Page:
Trek at its most poignant was a transparent mirror to the world. The original series commented on Vietnam and race repeatedly in ways which let people see another way of looking at a situation. Moral nuance is easier to see when the ox being gored isn’t yours.

Rogue One is the first Star Wars with moral complexity. If you haven’t seen it, I find your lack of faith…disturbing. But when there’s a guy who cost you your limbs, your children, and threw the galaxy into civil war, throwing him in the reactor core isn’t a very complex choice. In fact, the whole “dark side” is a bit of a giveaway. In case you miss that, the Jedi were guardians of peace and justice throughout the galaxy. Are we clear yet? No? How about the Nazi uniforms? I could go on, but we’re gonna get to spoilers. My point is, the first four films were great action movies. Maybe we’ll see some moral complexity when someone finally gets around to filming the tragic fall of Anakin Skywalker, reputedly the core story of I-III. But I’m betting they’ll be action movies with talking teddy bears for the kids.

Speaking of morality, if you’re just now noticing that your political world resembles the Empire’s, or if you’re angry that the script seems to mock your party…maybe you should look at your world through that mirror and ask if you’re on the right side of morality or history. After all, that’s what makes for great science fiction. The opportunity to see the world through a new lens. And the fact is, the story was not substantially re-written. “Rogue One’s Discarded Dialog” and See 46 shots that were cut from Rogue One” show a story with a little less character, a little more army, but not a sympathetic, racially and species-diverse Empire. The movie wasn’t re-written as a commentary on 2016.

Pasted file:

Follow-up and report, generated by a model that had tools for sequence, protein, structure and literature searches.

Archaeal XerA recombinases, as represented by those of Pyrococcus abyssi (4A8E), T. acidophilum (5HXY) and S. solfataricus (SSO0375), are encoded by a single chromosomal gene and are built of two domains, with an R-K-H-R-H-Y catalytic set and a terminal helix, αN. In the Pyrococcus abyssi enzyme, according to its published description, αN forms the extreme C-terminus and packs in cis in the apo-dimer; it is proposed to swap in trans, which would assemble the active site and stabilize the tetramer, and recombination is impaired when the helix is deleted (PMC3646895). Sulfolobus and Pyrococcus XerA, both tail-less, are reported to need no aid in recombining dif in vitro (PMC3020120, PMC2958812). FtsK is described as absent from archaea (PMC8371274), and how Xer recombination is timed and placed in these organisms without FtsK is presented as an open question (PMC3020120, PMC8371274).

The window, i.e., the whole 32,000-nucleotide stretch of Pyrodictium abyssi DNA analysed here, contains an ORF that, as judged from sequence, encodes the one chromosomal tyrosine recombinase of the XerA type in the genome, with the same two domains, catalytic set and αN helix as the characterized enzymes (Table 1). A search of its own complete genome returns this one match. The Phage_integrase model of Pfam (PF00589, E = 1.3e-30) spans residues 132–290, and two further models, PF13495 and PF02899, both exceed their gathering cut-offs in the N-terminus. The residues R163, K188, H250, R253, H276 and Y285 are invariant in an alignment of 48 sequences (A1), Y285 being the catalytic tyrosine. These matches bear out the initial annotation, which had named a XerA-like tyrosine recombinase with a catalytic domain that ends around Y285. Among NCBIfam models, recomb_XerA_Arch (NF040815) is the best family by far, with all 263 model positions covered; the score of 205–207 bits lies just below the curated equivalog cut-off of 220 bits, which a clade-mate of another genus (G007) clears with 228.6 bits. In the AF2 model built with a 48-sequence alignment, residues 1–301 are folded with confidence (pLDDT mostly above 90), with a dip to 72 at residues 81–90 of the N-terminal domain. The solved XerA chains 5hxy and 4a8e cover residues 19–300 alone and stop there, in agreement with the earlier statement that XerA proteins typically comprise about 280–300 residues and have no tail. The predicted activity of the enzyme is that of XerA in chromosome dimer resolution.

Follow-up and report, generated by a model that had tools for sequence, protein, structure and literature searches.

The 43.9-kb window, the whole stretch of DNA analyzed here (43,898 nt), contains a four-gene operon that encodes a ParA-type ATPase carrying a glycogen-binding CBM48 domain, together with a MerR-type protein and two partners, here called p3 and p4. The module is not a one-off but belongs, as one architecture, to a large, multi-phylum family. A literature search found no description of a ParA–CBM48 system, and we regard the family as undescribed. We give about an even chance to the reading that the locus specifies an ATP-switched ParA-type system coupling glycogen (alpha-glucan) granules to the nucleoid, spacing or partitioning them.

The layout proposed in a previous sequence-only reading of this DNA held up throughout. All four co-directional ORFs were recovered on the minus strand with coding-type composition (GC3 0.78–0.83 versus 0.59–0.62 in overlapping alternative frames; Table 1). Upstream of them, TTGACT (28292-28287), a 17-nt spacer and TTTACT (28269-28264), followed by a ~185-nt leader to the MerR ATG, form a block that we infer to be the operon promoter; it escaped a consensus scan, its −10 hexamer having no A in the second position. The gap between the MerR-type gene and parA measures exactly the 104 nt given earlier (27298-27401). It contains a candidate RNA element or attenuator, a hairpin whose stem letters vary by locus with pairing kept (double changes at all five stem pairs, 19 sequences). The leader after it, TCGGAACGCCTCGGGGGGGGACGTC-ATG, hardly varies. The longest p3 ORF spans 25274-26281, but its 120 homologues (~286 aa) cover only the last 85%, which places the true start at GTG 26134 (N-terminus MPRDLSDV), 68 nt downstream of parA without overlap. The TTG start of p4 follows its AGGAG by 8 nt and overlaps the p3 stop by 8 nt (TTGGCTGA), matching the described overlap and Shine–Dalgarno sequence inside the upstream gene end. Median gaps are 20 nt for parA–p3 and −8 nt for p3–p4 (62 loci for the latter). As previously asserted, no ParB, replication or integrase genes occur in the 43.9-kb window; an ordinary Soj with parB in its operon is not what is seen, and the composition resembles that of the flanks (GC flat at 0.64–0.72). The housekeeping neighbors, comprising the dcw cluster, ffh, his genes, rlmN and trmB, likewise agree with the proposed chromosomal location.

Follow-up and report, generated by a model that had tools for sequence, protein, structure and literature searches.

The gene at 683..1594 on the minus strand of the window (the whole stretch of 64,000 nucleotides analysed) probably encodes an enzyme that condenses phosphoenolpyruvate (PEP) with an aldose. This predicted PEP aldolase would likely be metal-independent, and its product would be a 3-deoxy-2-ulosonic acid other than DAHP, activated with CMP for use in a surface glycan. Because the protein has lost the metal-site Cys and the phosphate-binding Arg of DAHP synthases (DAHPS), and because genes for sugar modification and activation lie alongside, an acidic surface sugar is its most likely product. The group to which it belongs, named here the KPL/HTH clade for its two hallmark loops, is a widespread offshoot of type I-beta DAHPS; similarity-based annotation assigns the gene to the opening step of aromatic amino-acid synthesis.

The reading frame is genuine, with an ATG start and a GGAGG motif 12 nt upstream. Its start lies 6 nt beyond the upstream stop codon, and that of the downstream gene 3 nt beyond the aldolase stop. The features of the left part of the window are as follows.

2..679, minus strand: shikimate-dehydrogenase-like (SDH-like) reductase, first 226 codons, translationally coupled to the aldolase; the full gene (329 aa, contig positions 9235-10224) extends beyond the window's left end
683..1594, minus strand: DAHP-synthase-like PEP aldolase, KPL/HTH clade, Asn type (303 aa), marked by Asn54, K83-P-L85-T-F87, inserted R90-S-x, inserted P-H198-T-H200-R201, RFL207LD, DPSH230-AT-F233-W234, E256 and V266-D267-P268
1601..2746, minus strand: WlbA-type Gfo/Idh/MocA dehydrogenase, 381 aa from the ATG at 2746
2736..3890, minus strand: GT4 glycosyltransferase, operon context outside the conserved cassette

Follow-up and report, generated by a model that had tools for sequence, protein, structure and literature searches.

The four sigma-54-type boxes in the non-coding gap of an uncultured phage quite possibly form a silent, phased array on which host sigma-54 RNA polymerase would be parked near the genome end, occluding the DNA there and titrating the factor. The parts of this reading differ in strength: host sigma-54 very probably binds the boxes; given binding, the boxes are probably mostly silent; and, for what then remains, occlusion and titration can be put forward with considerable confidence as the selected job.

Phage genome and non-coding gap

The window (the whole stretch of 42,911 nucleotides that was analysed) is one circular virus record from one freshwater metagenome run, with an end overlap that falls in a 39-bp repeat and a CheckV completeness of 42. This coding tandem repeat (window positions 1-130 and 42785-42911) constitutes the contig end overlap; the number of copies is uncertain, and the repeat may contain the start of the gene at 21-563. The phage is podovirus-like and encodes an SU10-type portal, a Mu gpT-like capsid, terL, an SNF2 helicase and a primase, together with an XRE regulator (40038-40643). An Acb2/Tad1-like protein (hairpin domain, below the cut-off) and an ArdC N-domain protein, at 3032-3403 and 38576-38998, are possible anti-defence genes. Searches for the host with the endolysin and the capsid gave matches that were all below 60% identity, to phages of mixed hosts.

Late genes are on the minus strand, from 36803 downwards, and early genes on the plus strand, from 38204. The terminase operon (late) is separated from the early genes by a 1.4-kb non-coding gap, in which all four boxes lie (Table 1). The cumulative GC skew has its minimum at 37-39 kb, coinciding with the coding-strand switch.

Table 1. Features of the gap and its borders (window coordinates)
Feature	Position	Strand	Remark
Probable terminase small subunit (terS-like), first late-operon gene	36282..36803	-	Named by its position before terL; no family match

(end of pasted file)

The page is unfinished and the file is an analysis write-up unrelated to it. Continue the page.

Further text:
Structurally, Rogue One is a war story, not an action story. It’s not about the hero’s journey, or Luke growing up. It’s a story about the chaos that follows a civil war, and it’s messy and has characters who make choices from a set of bad options.

When Cassian shoots the fellow so he can escape at the start? Galen Erso’s decision to work on the Death Star, delay it, and insert a flaw (or two?) These are perhaps the wrong choices in bad situations. We don’t see why Saw Gerrera and the Rebel Alliance split. We see the Rebellion at its worst — unable to take action in the face of imminent destruction, and then impulsively chasing Rogue One into battle. (What Rogue One Teaches Us About the Rebel Alliance’s Military Chops is a great dissection of this.)